Your outgoings are also scrutinised, much like those of an employed applicant. This includes expenses such as credit obligations, Council Tax, and utility bills. For those seeking a self-employed mortgage, having your accounts and tax returns promptly updated is advisable.

Your credit history is another critical aspect regardless of your employment type. Any issues like bad credit, late payments, or existing loans will influence the amount you can borrow.

Improving Your Chances

To maximise your chances of securing mortgage approval, it’s wise to start by examining your credit report.

Accessing your credit history through agencies like Experian, which offer free services, allows you to spot and rectify any inaccuracies. Remember, even minor errors on your credit report can negatively impact your mortgage application.

Building up a really good deposit will significantly improve your mortgage prospects.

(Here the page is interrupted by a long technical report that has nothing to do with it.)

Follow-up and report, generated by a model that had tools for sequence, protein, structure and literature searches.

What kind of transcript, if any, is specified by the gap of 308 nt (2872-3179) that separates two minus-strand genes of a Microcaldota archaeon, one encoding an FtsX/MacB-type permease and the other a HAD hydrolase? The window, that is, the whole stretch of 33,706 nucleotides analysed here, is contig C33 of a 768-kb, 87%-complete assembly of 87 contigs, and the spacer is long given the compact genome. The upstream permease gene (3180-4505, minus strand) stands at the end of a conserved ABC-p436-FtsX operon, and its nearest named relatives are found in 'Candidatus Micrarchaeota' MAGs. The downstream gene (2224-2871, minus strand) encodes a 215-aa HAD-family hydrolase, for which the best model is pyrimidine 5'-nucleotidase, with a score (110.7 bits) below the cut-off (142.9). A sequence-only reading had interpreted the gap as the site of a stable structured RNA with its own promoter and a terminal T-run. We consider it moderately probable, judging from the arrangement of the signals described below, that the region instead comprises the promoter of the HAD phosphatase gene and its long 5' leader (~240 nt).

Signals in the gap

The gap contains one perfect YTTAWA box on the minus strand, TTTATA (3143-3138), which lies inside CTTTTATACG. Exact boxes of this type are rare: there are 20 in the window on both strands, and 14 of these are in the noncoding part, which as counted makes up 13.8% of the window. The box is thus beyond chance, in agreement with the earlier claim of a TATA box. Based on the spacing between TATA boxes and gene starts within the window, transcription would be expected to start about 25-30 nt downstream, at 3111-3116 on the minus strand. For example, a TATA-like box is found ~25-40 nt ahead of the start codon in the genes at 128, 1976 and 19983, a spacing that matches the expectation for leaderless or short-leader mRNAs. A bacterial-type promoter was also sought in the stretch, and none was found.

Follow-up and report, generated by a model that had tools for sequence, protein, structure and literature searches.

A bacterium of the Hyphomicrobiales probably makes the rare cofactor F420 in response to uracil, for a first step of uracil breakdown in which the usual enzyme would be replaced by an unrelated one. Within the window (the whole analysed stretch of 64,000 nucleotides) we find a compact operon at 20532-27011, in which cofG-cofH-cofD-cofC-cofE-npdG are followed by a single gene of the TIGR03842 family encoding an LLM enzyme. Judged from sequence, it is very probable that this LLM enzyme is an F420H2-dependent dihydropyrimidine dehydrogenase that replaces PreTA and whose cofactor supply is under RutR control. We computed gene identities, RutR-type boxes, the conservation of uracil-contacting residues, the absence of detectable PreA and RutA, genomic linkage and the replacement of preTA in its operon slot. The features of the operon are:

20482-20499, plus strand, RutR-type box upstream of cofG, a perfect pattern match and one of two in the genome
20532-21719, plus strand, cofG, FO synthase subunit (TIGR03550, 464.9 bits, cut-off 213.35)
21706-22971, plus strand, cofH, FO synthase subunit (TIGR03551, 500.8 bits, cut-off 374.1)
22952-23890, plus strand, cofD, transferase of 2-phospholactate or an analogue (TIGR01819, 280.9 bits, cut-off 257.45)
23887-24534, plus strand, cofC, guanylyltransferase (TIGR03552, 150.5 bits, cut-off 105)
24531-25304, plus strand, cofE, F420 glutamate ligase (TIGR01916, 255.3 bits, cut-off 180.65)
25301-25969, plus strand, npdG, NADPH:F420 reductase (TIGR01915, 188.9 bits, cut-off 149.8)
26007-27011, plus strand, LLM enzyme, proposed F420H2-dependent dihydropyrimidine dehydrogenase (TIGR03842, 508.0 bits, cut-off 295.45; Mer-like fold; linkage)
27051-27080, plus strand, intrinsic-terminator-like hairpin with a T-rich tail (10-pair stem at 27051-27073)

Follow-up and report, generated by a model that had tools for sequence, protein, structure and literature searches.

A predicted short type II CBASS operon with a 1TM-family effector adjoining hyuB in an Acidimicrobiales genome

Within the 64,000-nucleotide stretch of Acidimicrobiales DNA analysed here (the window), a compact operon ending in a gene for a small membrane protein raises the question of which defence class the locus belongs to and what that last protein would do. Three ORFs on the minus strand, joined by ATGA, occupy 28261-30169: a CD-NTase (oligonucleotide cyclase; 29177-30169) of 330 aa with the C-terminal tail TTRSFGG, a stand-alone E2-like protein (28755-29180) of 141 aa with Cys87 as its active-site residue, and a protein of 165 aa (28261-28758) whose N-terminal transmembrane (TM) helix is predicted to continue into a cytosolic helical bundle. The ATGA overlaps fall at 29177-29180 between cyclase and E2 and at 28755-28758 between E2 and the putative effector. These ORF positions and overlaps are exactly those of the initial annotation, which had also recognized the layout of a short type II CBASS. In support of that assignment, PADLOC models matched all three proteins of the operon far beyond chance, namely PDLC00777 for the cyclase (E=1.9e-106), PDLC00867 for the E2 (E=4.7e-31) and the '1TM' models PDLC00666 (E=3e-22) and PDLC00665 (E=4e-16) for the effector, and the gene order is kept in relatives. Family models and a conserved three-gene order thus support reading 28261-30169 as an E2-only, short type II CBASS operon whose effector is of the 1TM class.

However, if you’re a first-time buyer or struggling to save for a large deposit, there are options.

Consider exploring shared ownership or shared equity schemes, or a guarantor mortgage, where a relative or friend agrees to cover your repayments if you’re unable to do so. 

Make sure you understand the loan to value ratio, or LTV.

This term refers to the ratio of your mortgage amount to the value of the property you wish to purchase. The lower your LTV, the more mortgage options you’ll have access to.

This calculator is for information only and only applies to UK customers. Mortgages are subject to credit checks. Your home may be repossessed if you do not keep up repayments on your mortgage.